Felix Kjellberg, better known as PewDiePie, is a 27-year-old Swedish man who last year earned $15 million from YouTube videos of himself playing and talking about video games. But as of Monday night, Kjellberg had started to lose major business partners after he posted a series of videos that included Holocaust jokes and Nazi images.
The Wall Street Journal reports that Disney-owned Maker Studios, which operates the Revelmode network that hosts Kjellberg and other YouTube stars, severed ties with Kjellberg after the company was made aware of the anti-Semitic content. When reached for comment, a representative for YouTube, which is owned by Google, said in a statement that the company is cancelling its PewDiePie web TV show (“Scare PewDiePie”). Additionally, YouTube is “removing the PewDiePie channel from Google Preferred,” an ad program for “stars” that are most desirable to advertisers.
“Although Felix has created a following by being provocative and irreverent, he clearly went too far in this case and the resulting videos are inappropriate,” a representative for Maker Studios said in a statement. “Maker Studios has made the decision to end our affiliation with him going forward.”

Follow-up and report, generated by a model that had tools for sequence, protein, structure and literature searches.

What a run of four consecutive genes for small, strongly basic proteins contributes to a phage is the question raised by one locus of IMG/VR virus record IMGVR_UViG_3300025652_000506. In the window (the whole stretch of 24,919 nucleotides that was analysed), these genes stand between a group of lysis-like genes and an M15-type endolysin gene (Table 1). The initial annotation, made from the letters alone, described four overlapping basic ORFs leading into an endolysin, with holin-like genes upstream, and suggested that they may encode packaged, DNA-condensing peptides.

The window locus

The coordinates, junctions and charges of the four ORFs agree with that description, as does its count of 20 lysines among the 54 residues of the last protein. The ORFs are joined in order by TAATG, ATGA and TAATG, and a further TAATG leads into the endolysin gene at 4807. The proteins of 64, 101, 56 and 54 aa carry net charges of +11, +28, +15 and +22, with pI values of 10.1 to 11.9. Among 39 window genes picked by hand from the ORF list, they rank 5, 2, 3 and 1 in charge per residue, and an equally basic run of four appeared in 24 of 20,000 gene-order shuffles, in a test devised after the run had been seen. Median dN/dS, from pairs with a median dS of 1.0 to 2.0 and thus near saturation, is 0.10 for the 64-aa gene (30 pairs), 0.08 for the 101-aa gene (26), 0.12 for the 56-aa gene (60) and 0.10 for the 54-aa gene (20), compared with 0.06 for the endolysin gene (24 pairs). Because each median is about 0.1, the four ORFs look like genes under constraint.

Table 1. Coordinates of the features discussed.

Kjellberg did not immediately respond to a request for comment. The news appears to have caught everyone involved off-guard; as of Tuesday morning, Kjellberg was still listed as part of the Maker Studios network on the company’s website.
The videos in question, some of which have since been deleted, include people holding signs that say “Death to all Jews” and someone dressed up as Jesus Christ telling viewers that “Hitler did nothing wrong.”
Though PewDiePie has yet to respond publicly to the latest news, he wrote in a Tumblr post this past weekend that he “was trying to show how crazy the modern world is” and that he is in “no way supporting any kind of hateful attitudes.” It was part of an experiment, he said, to see what he could get away with paying people to do on the freelance work marketplace Fiverr (which is based in Israel).
In the past few months, edgy humor on TV and the internet that toes the line between “anti-comedy” and hate speech has come under a microscope. In early December, Turner Broadcasting-owned Adult Swim canceled the show “Million-Dollar Extreme” after sustained allegations of racism, anti-Semitism, and homophobia. Ad agency exec Ian Schafer, who runs the firm DeepFocus, says that such attempts at comedy are bound to run afoul of people who manage the business side.
“Regardless of the true intent, this kind of attempt at dark humor goes places that would make most, if not all, advertisers uncomfortable,” Schafer said. “What a new generation of creators need to understand is that making content for audiences can be a business, but appealing to them shouldn’t happen at all costs.”